In 2012, a public-interest law firm, acting on behalf of fourteen parents, filed a petition with the State Education Department, demanding the removal of five of the Orthodox Jewish board members and the appointment of a special state monitor to oversee the district. The parents accused board members of improperly channeling public funds to religious schools. Under New York State law, state education commissioner John King has the authority to remove local school officials for willful misconduct or neglect of duty. In March 2013, an editorial in the local Journal News called on Cuomo and the state legislature to support intervention by State Education in East Ramapo/Spring Valley. So far, no action has been taken. Meanwhile the School Board allocated $2.6 million of its tight budget during the 2013-2014 school year to fight this suit and others in the courts and a Cuomo plan actually gave district officials an additional $3.5 million in state funds in July 2014.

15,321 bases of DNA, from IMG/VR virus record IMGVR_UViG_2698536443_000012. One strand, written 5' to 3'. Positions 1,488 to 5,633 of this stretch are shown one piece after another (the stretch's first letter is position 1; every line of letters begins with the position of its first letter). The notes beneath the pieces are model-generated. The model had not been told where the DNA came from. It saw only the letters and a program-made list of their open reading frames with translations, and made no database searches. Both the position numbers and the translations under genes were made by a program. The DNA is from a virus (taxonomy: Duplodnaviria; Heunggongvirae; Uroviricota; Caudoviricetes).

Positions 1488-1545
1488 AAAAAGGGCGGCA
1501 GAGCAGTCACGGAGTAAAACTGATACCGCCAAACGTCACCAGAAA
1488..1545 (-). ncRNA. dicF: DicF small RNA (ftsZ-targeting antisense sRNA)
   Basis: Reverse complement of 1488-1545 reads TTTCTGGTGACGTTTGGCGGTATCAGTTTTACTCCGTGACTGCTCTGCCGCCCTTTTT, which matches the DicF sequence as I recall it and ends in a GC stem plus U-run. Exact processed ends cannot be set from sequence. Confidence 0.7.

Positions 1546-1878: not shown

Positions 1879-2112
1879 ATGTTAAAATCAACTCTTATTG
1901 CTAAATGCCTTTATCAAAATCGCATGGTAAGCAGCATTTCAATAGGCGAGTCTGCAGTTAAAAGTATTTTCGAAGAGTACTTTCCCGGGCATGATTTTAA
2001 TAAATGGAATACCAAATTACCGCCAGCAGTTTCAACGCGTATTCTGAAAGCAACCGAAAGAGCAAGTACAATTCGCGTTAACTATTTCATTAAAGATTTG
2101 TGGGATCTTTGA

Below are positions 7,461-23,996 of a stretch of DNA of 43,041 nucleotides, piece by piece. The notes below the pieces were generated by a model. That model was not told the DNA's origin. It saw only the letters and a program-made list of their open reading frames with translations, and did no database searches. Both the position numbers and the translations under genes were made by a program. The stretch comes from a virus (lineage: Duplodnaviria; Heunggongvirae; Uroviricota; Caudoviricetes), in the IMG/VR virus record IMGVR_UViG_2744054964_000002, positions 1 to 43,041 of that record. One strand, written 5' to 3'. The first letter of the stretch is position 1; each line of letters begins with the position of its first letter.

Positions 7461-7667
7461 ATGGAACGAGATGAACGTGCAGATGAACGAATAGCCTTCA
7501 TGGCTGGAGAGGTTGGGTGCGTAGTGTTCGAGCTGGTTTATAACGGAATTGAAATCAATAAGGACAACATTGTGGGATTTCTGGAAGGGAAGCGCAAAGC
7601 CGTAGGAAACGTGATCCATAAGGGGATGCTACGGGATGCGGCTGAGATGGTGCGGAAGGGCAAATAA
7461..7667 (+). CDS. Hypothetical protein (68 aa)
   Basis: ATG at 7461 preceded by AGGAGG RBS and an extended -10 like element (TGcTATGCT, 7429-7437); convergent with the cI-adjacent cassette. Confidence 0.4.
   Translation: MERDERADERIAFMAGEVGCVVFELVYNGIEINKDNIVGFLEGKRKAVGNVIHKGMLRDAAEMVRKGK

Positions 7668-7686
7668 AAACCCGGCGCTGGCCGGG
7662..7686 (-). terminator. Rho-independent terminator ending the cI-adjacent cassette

While a past President of the School Board disputed charges that the board majority poorly served Black and Latino children in public schools and charged opponents with Anti-Semitism, according to the state report card, the district is failing its children. Almost 80% of the students in the East Ramapo/Spring valley school district are eligible for free or reduced price lunch and 21% are English language learners. Students struggle on standardized assessment tests. In the 2011-2012 school year, 59% scored below standard on the third grade ELA and 56% on the Math exam. Middle school students scored even worse, 71% did not meet proficiency level on the ELA test 61 % on math. In a district that needs a much greater investment in its children, average class size in elementary schools climbed from 20 students per class to 25, between 2009-2010 school year and the 2011-2012 school year an increase of 25%. One reason is that the district is plagued by a high teacher turnover rate. In 2009-2010, 53% of teachers with less than 5 years experience left the district, most of them because of layoffs.